The 10 Best Natalie Portman Movies You Need To Watch

5. Knight of Cups (Terrence Malick, 2015)

Knight of Cups

Terrence Malick’s latest might not be his most critically praised one, but it still retains that particular magic that’s unique do Malick’s films, a contemplation of life’s choices, joys and regrets that feels fulfilled even if it ends with its narrative wide open. Portman plays Elizabeth, one of Rick’s (Christian Bale) lovers, a married woman pregnant with the failing screenwriter’s baby, one of many affairs and dalliances the protagonist goes through to find his way home, or his way forward.

She doesn’t play her as an insecure mess, but as a defiant messenger bringing Rick a clearer perspective on life in a way he couldn’t achieve himself. It’s a striking if brief performance, a brilliant supporting turn that never misses the opportunity to become its own particular beast tangled in its own particular story.


4. V for Vendetta (James McTeigue, 2005)

V for Vendetta

James McTeigue’s and the Wachowski sisters’ Alan Moore adaptation is not only probably the best movie taken from Moore’s graphic novels, but one of the smartest, most thrilling action movies in recent memory. That doesn’t mean it’s void of particularly great performances, especially with Hugo Weaving portraying freedom fighter V with such panache while he “recruits” Evey (Portman) for his cause of destroying the totalitarian government ruling the land in this dystopic future.

Portman’s character goes through hell through V for Vendetta’s running time, and it’s the actress’ responsibility to take us with her, and chart this impressive character arch throughout the film. She does it with ease, building an honest and careful portrayal of a rebel in the making living in a world that isn’t particularly nice to rebellious personalities.


3. Léon (Luc Besson, 1994)


Yes, Portman’s debut is still one of her most impressive and unforgettable performances. As the daughter of a drug dealer who’s just seen her father, her mother, her older sister and her younger brother getting killed by a corrupt DEA agent, Portman appears as a frail 12-year-old girl taking refuge in Léon’s (Jean Reno) apartment. Léon is a trained and tested professional hitman, and she asks him to teach her the secrets of the trade so she could take revenge for her family.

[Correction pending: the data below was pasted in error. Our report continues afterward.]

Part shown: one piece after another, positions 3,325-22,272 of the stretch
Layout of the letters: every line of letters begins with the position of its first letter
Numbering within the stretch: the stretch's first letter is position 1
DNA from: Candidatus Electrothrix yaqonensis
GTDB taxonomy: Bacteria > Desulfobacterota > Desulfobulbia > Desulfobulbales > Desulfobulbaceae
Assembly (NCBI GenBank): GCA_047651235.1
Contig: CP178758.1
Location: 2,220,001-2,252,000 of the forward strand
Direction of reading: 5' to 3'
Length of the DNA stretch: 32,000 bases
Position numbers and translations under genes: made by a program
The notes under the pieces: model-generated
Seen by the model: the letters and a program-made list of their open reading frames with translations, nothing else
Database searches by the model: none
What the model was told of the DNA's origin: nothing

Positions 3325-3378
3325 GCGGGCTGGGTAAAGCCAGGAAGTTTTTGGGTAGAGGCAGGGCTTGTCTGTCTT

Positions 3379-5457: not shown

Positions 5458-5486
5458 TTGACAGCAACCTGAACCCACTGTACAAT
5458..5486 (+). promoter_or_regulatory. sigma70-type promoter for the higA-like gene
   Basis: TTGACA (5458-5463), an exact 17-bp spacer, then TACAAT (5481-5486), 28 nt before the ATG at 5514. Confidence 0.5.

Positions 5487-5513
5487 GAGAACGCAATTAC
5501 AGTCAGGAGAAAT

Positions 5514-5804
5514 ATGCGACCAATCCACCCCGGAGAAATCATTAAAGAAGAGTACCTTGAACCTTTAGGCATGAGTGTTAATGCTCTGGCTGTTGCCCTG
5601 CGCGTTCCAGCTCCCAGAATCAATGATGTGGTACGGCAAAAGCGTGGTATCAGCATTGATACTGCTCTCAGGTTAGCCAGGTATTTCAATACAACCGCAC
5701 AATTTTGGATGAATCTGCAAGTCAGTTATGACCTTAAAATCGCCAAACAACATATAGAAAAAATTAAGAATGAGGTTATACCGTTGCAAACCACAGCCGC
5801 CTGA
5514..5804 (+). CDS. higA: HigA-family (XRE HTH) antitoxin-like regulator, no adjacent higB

As this is a Luc Besson’s movie, everything is exaggerated and strung-out, but Portman’s performance is not only striking because of that, it’s also tremendously subtle and mature in the way it builds this young girl’s world, tears it down and starts building it back up again in a twisted and violent way.


2. Closer (Mike Nichols, 2004)


Portman’s first Oscar nod came for Mike Nichols’ brilliant relationship drama, a cynical and heartrending portrayal of two couples and their lies, infidelities, obsessions and overall flawed dynamics.

As the mysterious Alice, who springs up on Dan’s (Jude Law) life after he rescues her from a car crash, Portman is the wild card in a romantic quadrangle that includes the brutal masculinity of Larry (Clive Owen) and the stunted professionalism of Anna (Julia Roberts). Is a quartet of amazing performances, and yet Portman’s still stands out.

The core of her work is in hiding Alice’s secrets in plain sight, in understanding the character and still maintaining a certain kind of aura around her, a sensuality that comes from her freedom from convention, a cynical core hiding behind a romantic façade that she too wishes was true. It’s perhaps the film’s most unforgettable character, and that’s certainly saying a lot.


1. Black Swan (Darren Aronofsky, 2010)

Black Swan (2010)

The part that finally gave her the Oscar she richly deserved throughout her career, Black Swan’s Nina Sayers is a ballerina obsessed with perfection and purity, a woman stunted by her overbearing mother and her profession’s constant request for technical excellence. When she’s selected to play the lead in her company’s adaptation of Swan Lake, she falls apart at the seams trying to deal with the pressures of the gig and the competition of a more sensual fellow ballerina, played by Mila Kunis.

Portman is obviously the backbone of the film, the one character we’re nearly always seeing onscreen, and Aronofsky’s direction finds ways to frame her performance so we’re always seeing new aspects of it. Whether it is Nina looking deranged at her own image in the mirror or her body language as she’s walking down a dark alley, there’s something very complete and vibrant about Portman’s performance here that definitely qualifies it as her best work to date.

Author Bio: Caio Coletti is a Brazilian-born journalist, a proud poptimist, and has too many opinions to keep them all to himself.